Adan Arroyo is not the kind of teacher that stands still.
His hands and feet are almost always moving. If he’s not explaining something to his students, he’s encouraging them to follow his example. He circles their work tables, checking their progress. In front of the class, he counts out syllables, asking the students to accompany him. He sounds out new vocabulary words, coaxing his students along.
“Piensa, piensa,” he said. “Think, think.”
It’s all in a day for Arroyo, a brand new NVUSD teacher.
This fall Arroyo, 26, started his first teaching job as first grade teacher of 23 children at Pueblo Vista Magnet School in Napa.
Over the past 15 weeks, Arroyo has settled into his new job, building a relationship with his students.
“I’m here to help the students be successful and for them to be lifelong learners, just like I am,” said Arroyo.
And he’s already seeing some progress.
“To see how they’ve grown from day one to now, in just a few months, it’s incredible,” said Arroyo in an interview on Wednesday. “They started off with one sentence. Now they can write a paragraph.”
How does that make him feel? “Accomplished,” he said. “Proud.”
Arroyo is more than just a new teacher, he’s also a homegrown educator. Arroyo grew up in Napa. He attended several elementary schools in town (although not Pueblo Vista), Silverado Middle School and graduated from Napa High School in 2010.
He then attended Napa Valley College and UC Merced. He received his teaching credential from Sonoma State University.
“I think teaching is a calling,” said Arroyo during an August interview. “It’s definitely my calling.”
Four months into his new job, Arroyo said things in Room 6 at Pueblo Vista Magnet School were going well.
“I think we’re learning a lot about each other,” he said. “I’m definitely learning a lot myself.”
Two key elements Arroyo has implemented are routines and classroom culture, he said.
A regular routine helps students know what is expected of them and gives them a feeling of security, he said. That leads to less stress and a better environment to encourage learning.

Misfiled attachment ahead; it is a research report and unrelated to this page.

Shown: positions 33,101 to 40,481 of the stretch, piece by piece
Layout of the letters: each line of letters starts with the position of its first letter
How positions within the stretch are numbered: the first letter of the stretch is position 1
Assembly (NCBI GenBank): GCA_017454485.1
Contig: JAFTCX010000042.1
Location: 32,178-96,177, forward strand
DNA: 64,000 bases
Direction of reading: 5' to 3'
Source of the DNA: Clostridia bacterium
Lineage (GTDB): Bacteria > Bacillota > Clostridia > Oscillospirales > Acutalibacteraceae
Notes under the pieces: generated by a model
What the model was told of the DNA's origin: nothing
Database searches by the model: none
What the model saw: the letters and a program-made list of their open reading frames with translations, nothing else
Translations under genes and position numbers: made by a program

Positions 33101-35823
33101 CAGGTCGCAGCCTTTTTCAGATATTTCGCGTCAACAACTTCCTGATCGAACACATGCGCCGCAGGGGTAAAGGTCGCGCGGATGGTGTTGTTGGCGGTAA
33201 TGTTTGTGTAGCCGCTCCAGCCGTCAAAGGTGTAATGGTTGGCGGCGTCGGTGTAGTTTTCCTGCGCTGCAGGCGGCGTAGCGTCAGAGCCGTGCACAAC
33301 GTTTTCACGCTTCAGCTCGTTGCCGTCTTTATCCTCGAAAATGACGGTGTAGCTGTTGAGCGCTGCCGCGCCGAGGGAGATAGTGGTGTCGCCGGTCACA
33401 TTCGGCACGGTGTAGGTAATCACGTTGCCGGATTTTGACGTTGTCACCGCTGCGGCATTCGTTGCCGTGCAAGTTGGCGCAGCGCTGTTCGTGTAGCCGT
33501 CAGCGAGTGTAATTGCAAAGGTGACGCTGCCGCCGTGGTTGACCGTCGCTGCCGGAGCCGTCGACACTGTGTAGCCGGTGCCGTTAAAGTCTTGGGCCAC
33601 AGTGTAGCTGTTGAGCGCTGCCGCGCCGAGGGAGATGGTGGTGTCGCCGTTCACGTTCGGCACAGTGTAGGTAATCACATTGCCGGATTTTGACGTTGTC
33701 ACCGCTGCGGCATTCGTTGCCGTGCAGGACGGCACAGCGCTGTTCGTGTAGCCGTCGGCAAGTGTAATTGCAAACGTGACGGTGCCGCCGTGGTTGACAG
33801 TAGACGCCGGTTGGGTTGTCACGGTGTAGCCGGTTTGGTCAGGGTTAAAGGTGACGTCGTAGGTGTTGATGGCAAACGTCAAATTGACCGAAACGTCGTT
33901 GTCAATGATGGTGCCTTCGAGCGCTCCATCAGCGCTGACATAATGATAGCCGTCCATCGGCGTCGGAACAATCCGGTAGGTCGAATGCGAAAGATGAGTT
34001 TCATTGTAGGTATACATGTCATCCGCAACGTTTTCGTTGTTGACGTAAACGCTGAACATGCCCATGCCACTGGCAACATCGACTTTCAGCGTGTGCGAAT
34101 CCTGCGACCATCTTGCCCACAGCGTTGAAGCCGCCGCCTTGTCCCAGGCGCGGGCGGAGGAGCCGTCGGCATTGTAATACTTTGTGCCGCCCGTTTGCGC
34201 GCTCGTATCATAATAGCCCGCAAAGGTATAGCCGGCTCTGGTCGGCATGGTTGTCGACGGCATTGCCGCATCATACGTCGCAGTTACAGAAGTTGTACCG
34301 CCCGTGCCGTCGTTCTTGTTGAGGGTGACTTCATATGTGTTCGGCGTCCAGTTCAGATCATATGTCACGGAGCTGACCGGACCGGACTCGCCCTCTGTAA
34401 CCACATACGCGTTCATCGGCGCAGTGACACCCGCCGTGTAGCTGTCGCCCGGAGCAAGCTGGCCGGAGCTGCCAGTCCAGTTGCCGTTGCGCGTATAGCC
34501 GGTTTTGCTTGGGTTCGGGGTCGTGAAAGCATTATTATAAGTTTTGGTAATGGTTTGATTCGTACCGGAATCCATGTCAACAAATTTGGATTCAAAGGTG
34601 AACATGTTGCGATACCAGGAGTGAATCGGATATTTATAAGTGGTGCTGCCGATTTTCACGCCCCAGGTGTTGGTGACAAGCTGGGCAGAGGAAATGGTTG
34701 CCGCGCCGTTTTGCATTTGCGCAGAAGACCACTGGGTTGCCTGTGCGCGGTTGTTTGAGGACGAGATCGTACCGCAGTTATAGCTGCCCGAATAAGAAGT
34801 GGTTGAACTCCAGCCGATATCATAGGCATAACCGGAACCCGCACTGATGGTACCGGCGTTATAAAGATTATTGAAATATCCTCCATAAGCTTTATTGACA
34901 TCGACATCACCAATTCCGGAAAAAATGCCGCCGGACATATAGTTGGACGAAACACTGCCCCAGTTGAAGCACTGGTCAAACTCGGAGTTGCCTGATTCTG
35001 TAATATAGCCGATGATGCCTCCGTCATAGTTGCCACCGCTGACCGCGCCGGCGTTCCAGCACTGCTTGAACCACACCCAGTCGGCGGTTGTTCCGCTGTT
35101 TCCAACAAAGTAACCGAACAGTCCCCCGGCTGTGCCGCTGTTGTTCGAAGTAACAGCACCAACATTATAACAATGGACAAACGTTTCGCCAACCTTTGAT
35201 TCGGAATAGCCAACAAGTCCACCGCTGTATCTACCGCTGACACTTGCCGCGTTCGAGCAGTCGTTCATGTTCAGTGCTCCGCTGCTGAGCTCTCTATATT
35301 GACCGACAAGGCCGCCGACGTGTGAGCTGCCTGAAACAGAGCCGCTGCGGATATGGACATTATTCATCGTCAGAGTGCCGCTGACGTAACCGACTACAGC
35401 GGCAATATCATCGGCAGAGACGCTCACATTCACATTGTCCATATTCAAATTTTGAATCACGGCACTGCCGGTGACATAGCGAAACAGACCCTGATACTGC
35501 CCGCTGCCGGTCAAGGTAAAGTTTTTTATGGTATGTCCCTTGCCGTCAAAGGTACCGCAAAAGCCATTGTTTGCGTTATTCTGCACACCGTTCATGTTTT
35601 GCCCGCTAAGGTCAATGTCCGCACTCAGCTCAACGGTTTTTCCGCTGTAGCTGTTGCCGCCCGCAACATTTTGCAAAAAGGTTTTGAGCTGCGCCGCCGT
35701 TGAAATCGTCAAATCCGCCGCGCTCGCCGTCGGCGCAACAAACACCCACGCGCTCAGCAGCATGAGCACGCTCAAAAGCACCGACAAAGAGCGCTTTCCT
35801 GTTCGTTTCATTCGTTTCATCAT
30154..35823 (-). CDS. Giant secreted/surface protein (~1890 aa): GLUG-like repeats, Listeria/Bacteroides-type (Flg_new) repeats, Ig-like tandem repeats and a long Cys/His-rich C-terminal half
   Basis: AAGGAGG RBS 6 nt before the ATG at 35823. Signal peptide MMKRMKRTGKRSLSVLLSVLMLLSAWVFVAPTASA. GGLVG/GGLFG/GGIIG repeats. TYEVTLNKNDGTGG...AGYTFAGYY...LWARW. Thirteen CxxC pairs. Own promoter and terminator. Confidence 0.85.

For example, when students enter his classroom each morning, there is already a task waiting for them to complete at their desks.
That way, “They go straight to work,” he said.
“Students thrive on structure,” he said. A regular routine helps the students know what to expect throughout their day, which helps learning.
For some students, “the classroom is only time they have structure in the day.”
Creating classroom culture helps the students build trust between students and teacher, which creates a safe environment for students to learn, he said.
His students are learning about him too, Arroyo said. “They are learning to trust me. I listen to what they have to say. They trust that what we are learning is beneficial to them. That I care about them.”
Arroyo is the only teacher in the classroom but that doesn’t mean he’s alone. He works with a grade-level team support group that includes two other teachers, Laura Roldan and Mindy Bañuelos. A resource teacher visits the classroom when needed. Parents volunteer. And an aide, Cecilia Barrera, also assists.
“That helps a lot,” said Arroyo.
But how does he manage a classroom of 23 first-graders?
“I practice effective management,” he said. “Take deep breaths. Try different management strategies.”
And sometimes none of that works, he acknowledged.
In that case, “I try to acknowledge the (students) that are doing a good job and following directions,” he said.
Arroyo said he’s also learning to remain flexible to his students’ needs, yet manage his time and stay on track with his curriculum.
“Pacing is a big thing,” he said. “I’m always looking at the clock.” Pre-planning is essential, he said.
“I’m constantly on. There is no time for a break when they are here.”
Because Pueblo Vista is a dual immersion school, 90 percent of the instruction in first grade is in Spanish. By fifth grade that percentage is closer to 50/50.
Speaking in Spanish, he encourages his students with comments like “excelente” and “perfecto.”
“Muy bien, niños,” he told the group on Wednesday after successfully completing one task. “Wow.”
Arroyo uses all kinds of techniques to help keep his students focused and on track. Calling groups by color, he moves students from desk to carpet and back.
When they finish a task, he asks them to “manos arriba” or raise their hands. When a student needs to go to the bathroom they use a crossed finger hand symbol instead of calling out.
To get a student’s attention, Arroyo may whisper his request, rather than raise his voice. Tapping on a bell or a hand clapping routine can also help refocus the class.
Arroyo said structure and routine in his personal life also help him keep up his energy and motivation.
“Outside of school I go to the gym. I try to get enough sleep.”
In December, Arroyo will have a three-week holiday break. He’s planning on going to Mexico to visit family for part of that time, he said. “And just relax and recharge ... to continue doing the best I can.”
Arroyo said he was surprised how many people read the Aug. 26 story about him in the Napa Register.
“You’re famous,” his students told him after the story ran.
“Yeah, because of you,” was his response.